The 92nd anniversary of Dr. Martin Luther King´s birthday is a poignant opportunity to consider the impact of his legacy. Systemic inequality continues to define the nation he lived and died for. It’s been nearly half a century after his assassination on April 6, 1968. But old tensions continue to bubble to the surface. America has never truly healed from its original sin.
Award-winning author Beverly Jenkins approaches this moment in our history with clear eyes. Today, she joins Areva for a compelling and timely conversation on a dream deferred.
Yesterday is Tomorrow
The murder of Dr. King at the height of his campaign for a more peaceful and united future made an indelible impression on Jenkins. In her teenage years at the time, the author saw this violent final rebuke of King´s idealistic visions as reflective of public opinion of the leader. In her view, Dr. King would be appalled, if unsurprised by the America of today. The Capitol Raid of January 6th stands as a particularly stark reminder of the country´s bloody past. A violent rejection of democratic, inclusive principles has shaped the nation since its inception.
Civil Rights Radicals
Condemning the hypocrisy of those who would ask for unity without accountability as ¨nauseating,¨ Jenkins does not mince words in assigning responsibility. The past half-decade in America has been fraught with angry, divisive rhetoric chiefly stoked by one end of the political spectrum. Conservatives have steadily stoked the flames of chaos, sowing fear and resentment in public spaces. For the Detroit native, these are echoes of her experience with the Civil Rights Era, where those who desired justice for all were called ¨dangerous radicals.¨
Steeped in History
The prolific author of 41 books gains much of her renown by giving a platform to the undiscovered black experience. She credits this focus to growing up with black history as a major element of her home life, sparking early appreciation for the contributions of the unsung heroes in America´s story. Not only centering her narratives on black characters, she also chooses settings that emphasize their rich and diverse culture. Her reverent yet relevant approach is widely credited with expanding the horizons of the familiar romance novel.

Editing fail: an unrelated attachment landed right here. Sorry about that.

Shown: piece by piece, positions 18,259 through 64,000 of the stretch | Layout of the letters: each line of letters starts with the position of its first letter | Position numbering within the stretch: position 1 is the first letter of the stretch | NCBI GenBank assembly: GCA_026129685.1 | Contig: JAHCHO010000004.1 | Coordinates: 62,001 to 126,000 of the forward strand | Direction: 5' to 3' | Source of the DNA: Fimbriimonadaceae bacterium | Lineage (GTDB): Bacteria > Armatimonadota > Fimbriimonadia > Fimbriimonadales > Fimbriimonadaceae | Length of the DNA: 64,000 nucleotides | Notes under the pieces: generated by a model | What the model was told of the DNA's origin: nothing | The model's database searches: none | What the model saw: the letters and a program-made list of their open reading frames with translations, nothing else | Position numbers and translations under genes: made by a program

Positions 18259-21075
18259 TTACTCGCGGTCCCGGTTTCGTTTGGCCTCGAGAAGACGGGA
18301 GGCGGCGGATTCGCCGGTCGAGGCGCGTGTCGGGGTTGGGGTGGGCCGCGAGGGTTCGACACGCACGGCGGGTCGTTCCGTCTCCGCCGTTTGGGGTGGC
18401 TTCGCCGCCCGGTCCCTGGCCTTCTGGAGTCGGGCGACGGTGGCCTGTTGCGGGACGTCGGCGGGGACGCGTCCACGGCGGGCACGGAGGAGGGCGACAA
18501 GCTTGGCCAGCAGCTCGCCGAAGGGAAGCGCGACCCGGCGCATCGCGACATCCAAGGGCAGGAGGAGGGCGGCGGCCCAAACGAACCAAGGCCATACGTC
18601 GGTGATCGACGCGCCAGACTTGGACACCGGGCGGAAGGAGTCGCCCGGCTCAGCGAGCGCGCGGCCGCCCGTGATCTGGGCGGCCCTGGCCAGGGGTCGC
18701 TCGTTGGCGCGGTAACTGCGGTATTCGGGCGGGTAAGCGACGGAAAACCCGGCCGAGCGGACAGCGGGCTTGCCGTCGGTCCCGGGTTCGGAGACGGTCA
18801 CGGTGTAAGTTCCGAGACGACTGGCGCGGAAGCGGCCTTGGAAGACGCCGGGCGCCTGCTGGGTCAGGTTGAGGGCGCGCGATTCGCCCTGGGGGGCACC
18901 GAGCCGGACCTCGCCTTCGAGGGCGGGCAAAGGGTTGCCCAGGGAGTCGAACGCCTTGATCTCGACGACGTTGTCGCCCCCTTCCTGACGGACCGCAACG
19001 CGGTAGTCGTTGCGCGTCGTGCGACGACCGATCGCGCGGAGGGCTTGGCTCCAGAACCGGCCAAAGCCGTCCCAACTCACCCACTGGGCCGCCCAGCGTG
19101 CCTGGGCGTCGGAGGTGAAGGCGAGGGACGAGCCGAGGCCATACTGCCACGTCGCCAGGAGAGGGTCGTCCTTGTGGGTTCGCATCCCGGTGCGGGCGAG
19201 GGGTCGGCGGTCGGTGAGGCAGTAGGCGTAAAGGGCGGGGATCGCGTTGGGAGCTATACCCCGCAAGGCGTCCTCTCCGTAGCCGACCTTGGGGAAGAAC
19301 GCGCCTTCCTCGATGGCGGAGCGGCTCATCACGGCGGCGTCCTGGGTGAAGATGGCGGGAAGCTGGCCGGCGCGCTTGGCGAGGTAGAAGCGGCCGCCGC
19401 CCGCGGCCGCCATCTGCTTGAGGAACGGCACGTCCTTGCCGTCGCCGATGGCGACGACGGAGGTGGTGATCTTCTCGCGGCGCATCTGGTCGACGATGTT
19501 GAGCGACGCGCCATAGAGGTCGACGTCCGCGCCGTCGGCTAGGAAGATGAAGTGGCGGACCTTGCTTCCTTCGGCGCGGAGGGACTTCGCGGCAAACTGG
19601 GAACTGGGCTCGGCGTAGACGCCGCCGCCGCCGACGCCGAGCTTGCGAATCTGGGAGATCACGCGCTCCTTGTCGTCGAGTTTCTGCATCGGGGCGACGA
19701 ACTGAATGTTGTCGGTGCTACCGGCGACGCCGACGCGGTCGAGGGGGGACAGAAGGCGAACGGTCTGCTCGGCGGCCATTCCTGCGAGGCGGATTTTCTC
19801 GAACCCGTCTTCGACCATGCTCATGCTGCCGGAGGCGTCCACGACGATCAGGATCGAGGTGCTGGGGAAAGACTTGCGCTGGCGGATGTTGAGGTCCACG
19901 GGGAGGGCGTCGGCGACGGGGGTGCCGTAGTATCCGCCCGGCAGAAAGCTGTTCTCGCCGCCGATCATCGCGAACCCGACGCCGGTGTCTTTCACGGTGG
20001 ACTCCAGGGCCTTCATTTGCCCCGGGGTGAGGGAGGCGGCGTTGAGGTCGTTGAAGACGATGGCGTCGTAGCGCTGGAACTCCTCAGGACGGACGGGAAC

Beyond Black Pain
When Beverly Jenkins made her first endeavour into the industry, she quickly discovered there was no ready-made space for her vision. Media executives in the 90s placed a much higher premium on black pain than black pride, leading to an oversaturation of negative images. The author made it her mission to create spaces for black fulfillment in fiction as well as in fact, extolling the virtues of stories driven by love. While crediting trailblazers such as Elsie Washington for opening the door, Jenkins acknowledges her position in the genre.
Discussing the legacy of Dr. King at length, the author highlights the transformative power of creating chances for others to thrive. By taking the hard-won opportunities endowed to us by our forebears and using them to pull those behind us up, we build a better world. In her own work, she seizes every opening to elevate and celebrate voices that might be silent without her amplification. Beverly Jenkins considers herself part of the change Dr. King was able to bring to the world, and recognizes her role in bringing about his still-distant dream.
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